In a village the bakers always find each other and so it was that Gerald and myself ended up baking together. A few years ago Gerald built an oven so he could bake authentic bread, a smallish oven just enough for a few loaves. It’s the real deal- authentic wood-fired with a firebox below the oven as most of the French do. So it was that I arrived with my levain at Gerald’s place one morning at 10am.
We chatted about the amount of dough to make and decided to combine my levain with his starters, as his starters were cool and still needed some activation, and my starter had a 24hr kickstart into being a young, milky levain.
Working on the following approximate percentages :
100% flour (80/20 ratio for the flour, 80% wholegrain, 20% bread flour and visa versa for the French country loaf)
Our recipes were as follows:
Whole wheat dough
- 300g levain
- 1050g water
- 300g white flour
- 1200g wholemeal flour
- 32g salt
- 300g levain
- 1050 water
- 300g wholemeal flour
- 1200g white bread flour
- 32g salt
This bread was eaten consciously at a feast that followed:
Miche (Gerald’s daughter) and Flora, two very amazing people, arrived like the wind and constructed a master menu of….. see below… they are both champions of food citizenship and living cultures. They connect people and and create amazing events. We sat down to an insanely flavour-filled meal where conversations flowed and life was an organic communion of sorts. Definitely great day of baking and eating. Thanks to Gerald, Miche, Flora, CP, ….. , Jaques for each persons special contribution.
Starter - Wood-fired sourdough bread with cucumber and almond gazpacho
Main - herb-smoked snoek, oven-braised tarragon potatoes, zucchini in tamari with fresh chervil
Dessert - Organic cheese (biodynamic gouda) from Camphill Farm in Hermanus, red globe grapes fromGerald’s garden and honey straight from the natural hive (spit the wax but what a flavour revelation)
“a frigging feast”
For the bakers, here are the details of our baking :
The overall idea was to bake off the dough straight through, estimating a 4 hr bulk fermentation and a 2hr proof. We also decided to take half the wholemeal dough half way through the bulk fermentation and place it in a cloth lined bowl “shaped and ready” to be baked off the next day.
We chatted about starters and levainand and agreed on the following process of taking a starter that you keep in your fridge to young levain needed 24hour cycle as follows:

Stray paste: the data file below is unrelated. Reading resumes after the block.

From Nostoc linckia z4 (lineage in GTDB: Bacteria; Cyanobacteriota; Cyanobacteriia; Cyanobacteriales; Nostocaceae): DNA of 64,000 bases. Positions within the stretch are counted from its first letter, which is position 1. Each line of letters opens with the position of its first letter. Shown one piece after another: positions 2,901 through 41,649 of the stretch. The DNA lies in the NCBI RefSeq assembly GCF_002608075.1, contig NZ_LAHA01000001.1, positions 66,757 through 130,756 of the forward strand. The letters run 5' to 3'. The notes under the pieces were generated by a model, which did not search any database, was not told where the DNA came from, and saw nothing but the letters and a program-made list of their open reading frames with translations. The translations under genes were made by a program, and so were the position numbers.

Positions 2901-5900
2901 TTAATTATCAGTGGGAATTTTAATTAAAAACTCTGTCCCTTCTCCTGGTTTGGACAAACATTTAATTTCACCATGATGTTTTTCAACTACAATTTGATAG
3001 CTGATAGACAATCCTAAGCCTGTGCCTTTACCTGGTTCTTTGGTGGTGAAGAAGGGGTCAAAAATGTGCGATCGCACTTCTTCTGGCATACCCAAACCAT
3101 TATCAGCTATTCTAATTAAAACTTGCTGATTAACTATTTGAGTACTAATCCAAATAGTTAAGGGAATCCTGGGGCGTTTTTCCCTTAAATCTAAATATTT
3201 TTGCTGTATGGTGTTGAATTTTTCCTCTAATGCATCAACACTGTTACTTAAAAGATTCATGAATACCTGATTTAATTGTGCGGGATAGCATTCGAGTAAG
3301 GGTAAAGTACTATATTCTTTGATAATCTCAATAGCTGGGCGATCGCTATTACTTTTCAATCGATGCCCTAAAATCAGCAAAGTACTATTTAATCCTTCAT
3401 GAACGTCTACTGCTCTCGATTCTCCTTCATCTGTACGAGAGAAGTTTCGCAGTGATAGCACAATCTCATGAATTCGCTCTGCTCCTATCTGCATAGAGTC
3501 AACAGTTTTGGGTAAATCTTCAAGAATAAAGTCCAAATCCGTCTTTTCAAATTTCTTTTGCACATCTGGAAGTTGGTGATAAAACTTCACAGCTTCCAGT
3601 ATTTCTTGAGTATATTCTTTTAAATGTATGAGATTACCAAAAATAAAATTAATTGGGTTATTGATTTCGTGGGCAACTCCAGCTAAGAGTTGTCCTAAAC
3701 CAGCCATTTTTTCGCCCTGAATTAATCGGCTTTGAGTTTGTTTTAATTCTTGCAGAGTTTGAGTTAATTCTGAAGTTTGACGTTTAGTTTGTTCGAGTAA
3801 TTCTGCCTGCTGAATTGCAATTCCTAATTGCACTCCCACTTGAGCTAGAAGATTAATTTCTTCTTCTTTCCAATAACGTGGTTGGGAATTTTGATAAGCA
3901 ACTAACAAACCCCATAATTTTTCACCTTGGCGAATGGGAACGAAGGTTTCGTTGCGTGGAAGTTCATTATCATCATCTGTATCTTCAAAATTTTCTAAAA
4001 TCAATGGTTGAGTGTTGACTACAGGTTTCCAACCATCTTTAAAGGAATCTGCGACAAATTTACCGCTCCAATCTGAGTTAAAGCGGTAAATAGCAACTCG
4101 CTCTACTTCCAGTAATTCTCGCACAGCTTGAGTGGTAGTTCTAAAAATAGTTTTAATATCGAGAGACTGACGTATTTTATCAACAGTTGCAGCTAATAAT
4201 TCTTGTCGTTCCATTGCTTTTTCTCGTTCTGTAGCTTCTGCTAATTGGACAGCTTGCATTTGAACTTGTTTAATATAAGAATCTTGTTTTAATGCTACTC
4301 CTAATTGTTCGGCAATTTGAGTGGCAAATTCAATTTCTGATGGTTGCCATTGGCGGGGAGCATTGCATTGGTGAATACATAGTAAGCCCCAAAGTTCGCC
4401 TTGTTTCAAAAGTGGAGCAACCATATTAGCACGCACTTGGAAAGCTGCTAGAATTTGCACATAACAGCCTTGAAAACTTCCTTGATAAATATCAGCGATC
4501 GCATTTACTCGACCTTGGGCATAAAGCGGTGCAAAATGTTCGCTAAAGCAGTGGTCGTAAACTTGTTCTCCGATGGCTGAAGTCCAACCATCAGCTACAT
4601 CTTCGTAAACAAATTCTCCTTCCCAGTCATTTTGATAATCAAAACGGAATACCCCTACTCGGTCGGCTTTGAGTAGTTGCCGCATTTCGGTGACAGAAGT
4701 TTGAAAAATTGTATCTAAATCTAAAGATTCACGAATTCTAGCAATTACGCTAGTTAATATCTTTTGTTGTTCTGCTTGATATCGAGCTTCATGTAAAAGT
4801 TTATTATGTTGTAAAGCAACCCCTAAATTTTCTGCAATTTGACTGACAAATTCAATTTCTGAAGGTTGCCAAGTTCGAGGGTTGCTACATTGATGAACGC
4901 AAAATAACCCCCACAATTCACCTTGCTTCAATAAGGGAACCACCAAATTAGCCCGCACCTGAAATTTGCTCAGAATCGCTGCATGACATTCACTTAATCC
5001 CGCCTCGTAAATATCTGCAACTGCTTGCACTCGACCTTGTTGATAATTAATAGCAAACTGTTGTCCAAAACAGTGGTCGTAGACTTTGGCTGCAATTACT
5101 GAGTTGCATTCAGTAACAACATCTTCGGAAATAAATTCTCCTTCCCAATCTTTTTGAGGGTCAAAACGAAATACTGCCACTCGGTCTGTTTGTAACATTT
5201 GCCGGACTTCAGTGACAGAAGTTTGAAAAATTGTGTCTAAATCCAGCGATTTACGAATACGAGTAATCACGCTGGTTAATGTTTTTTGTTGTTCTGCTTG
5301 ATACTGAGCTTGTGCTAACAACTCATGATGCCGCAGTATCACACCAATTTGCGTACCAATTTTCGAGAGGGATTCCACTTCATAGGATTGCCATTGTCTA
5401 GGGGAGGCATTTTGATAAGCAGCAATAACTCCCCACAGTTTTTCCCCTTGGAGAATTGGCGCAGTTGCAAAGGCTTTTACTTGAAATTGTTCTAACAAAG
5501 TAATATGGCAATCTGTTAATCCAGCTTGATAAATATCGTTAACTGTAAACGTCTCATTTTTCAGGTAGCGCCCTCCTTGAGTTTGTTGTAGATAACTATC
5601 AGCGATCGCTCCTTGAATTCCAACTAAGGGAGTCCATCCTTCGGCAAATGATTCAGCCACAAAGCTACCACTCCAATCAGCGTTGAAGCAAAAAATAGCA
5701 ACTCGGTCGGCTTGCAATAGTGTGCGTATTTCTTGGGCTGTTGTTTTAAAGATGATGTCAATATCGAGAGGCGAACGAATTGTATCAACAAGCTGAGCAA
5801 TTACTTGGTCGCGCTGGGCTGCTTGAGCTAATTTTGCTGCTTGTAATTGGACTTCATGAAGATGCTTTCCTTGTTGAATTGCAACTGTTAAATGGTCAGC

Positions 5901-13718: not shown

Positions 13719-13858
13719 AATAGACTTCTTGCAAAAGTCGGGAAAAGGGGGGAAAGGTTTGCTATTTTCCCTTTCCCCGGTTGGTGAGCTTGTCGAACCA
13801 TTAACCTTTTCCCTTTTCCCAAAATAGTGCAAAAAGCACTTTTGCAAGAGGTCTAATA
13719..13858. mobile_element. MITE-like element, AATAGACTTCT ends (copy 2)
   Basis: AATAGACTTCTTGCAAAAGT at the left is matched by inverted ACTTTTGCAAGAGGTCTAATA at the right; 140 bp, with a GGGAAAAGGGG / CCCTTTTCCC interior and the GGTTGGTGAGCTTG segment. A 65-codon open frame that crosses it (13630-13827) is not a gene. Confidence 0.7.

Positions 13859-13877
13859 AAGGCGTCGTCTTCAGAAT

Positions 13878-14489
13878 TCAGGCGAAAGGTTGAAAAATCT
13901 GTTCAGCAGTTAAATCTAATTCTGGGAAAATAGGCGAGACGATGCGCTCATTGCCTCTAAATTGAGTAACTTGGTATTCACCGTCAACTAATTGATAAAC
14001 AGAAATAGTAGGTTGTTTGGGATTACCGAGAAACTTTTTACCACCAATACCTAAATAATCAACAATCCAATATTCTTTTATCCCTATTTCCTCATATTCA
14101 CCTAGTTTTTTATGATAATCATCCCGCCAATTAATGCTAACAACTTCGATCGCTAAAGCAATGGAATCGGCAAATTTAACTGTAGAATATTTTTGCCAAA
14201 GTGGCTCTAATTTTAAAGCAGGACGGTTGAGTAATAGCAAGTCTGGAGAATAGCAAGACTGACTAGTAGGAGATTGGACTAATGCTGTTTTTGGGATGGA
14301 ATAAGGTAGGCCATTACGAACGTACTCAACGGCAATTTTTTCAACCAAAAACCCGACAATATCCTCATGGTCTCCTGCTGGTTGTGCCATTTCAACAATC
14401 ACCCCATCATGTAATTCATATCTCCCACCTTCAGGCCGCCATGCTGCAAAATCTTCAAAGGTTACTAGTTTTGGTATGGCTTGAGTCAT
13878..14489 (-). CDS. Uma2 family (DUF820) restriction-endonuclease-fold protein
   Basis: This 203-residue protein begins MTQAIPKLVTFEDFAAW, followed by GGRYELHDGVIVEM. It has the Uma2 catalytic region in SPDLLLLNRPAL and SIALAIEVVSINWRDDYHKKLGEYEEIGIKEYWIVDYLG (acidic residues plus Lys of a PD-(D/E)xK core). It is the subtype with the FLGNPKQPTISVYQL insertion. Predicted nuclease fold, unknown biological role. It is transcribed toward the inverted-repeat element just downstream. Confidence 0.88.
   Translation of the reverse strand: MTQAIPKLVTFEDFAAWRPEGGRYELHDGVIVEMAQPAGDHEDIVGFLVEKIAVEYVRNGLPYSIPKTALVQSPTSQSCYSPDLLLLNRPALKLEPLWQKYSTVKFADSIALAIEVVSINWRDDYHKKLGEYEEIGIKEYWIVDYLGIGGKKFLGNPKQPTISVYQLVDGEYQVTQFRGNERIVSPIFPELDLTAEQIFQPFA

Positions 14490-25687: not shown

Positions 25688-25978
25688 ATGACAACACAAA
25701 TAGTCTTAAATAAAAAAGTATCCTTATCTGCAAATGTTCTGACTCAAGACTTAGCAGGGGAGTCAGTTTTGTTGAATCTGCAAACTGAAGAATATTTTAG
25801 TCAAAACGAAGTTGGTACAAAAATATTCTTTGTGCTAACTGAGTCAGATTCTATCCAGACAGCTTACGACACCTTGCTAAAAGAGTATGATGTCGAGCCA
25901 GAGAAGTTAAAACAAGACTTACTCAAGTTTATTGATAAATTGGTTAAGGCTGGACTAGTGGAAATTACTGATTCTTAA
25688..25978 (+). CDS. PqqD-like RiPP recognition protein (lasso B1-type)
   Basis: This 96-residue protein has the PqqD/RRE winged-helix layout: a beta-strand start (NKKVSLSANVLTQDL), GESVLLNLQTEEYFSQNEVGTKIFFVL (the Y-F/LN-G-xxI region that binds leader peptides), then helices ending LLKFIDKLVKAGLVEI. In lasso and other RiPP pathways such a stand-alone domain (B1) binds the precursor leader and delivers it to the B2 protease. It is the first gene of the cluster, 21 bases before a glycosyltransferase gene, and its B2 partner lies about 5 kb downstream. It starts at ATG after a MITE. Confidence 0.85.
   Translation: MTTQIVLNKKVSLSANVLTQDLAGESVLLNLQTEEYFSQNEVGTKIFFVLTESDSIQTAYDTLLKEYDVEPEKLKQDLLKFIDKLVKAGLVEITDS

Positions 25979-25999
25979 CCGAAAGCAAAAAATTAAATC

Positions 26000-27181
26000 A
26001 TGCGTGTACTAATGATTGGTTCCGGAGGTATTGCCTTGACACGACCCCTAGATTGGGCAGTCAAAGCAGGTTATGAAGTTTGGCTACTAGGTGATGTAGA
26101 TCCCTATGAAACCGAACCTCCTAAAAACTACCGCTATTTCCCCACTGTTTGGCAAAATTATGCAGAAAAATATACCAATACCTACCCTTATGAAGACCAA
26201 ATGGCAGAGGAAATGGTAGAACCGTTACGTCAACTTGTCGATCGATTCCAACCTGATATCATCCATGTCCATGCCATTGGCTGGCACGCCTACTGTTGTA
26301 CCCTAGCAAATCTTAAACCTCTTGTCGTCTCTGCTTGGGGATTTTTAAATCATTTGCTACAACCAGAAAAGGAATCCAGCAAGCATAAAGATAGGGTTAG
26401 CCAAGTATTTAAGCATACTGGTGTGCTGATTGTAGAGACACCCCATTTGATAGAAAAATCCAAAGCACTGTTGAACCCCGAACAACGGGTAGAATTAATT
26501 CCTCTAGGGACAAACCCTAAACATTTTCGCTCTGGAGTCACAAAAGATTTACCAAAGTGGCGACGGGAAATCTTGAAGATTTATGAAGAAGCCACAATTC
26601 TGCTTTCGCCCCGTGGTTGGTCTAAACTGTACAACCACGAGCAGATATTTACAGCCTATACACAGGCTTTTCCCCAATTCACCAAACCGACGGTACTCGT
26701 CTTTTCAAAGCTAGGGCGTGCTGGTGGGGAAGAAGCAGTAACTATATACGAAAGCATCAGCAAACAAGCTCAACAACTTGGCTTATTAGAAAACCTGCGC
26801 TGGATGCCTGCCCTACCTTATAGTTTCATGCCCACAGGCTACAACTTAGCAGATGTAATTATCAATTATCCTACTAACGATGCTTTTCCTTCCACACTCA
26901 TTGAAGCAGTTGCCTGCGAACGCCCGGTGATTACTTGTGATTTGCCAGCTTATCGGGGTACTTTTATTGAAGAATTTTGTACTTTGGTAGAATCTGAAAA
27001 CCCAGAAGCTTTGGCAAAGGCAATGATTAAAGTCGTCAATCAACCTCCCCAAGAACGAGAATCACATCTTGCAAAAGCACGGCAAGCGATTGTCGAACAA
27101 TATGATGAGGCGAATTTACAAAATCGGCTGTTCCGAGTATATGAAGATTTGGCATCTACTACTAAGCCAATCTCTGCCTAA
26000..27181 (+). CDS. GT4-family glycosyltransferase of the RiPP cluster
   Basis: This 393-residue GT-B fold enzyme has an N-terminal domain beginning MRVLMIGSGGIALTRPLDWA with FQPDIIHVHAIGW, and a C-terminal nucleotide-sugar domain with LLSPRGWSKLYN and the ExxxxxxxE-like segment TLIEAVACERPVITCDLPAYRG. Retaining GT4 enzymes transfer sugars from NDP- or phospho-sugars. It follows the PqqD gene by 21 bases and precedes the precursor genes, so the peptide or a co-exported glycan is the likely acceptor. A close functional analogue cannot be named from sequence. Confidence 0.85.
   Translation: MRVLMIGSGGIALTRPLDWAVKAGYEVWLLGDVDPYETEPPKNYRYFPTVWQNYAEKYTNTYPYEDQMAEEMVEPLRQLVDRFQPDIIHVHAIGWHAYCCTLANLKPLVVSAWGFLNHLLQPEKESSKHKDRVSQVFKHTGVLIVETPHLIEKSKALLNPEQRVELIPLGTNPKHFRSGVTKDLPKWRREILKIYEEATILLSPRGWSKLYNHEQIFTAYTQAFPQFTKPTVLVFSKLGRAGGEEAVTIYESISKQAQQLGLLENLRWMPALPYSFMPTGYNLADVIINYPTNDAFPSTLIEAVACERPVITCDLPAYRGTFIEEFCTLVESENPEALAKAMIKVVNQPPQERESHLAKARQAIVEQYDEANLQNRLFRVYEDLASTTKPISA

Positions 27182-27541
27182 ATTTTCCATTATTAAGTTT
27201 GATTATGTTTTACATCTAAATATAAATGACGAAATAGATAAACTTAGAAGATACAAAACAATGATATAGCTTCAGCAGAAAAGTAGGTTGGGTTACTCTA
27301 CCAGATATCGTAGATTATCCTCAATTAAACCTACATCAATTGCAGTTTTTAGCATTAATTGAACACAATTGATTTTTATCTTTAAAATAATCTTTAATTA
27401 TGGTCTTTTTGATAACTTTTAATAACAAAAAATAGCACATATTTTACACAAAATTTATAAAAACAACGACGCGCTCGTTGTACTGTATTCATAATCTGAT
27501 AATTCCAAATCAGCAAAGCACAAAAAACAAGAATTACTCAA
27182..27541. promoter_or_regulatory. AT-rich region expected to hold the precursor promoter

Take starter out of the fridge the day before you are going to bake. Take a tablespoon of starter and 3 tablespoons of wholemeal flour and same amount of “just more than luke warm” water and mix together. Leave overnight. First thing in the morning (6am) take the mixture and add a further 3 heaped tablespoons of flour (1 bread, 2 wholemeal) and water as before. Leave this for 4 hours and you have a “ready to go” young levain.
So off we went mixing the levain, water and flour at around 10.30 am so that we could leave for a short 30 minute autolaise. The temperature outside was mild in the mid 20’s so we just used tap water, so the dough would be around 24 degrees celcuis, a great day for baking, not too much manipulating of the temperature.
At 11.10 we added the salt, having kept back a 100g of water from each recipe to help mix the salt, This allows for easier incorporation into the dough.
At 11.30 we gave it a fold or two and I shot off to do some admin, returning at 12.30 for the next series of folds. After each fold we don't cover the dough,, we just wet the surface so it doesn't dry out but cloths are an option.
At 1.30 we divided the wholemeal dough in half and folded them into 2 boules. After 20 minutes we gave the 1 boule a further fold and then placed it in a cloth-lined bowl (sprinkle lots of wholemeal flouron cloth) and placed it in the fridge. This will be left till tomorrow morning then it will be taken out, left to stand for a few hours and then baked off. With the remaining half we will complete the bulk fermentation process and it will get baked of later.
At 2.30 another fold
At 3pm we divided the country loaf into 4 pieces of approximately 700g each and the wholemeal in 2 pieces of the same size. We decided to use 3 silicon tins, 2 round baskets and 1 long basket.
Once the dough was divided, we shaped the pieces of dough into boules and let them have a 20 minute bench rest. We then gave then a shape according to the container we were placing them in. covered and waited for them to prove.
One of the things with sourdough is you must wait for the dough to get to the “right place”, where it stops building and maturing, and starts to deconstruct. At this pointthe bread must go in the oven. When you have a wood fired oven that needs a lengthy warming, the challenge is to get the timing right so that the oven is ready as the dough reaches its pinnacle of readiness.
We got the timing out a bit but the first loaves went in around 6, which was fine, the bread could still do a bit to reach that critical point so we were ok. The bottom of the oven was a bit hot so we had to manage that by inserting a grid underneath the loaves half way through the baking but the end result was good bread, naturally leavened with just flour, water and salt.
- Mix dough leave for 30 mins
- Add salt leave for 15 mins
- Do a fold and leave for 1 hr
- Do a fold and leave for 1hr
- Do a fold an leave for 1 hr
- Fold and leave for 30 mins and then divide and shape
- Leave for 20 minute bench rest
- Final shape for baskets or containers
- Proof for approximately 2hrs
- Bake for 30 to 40 mins depending on size of item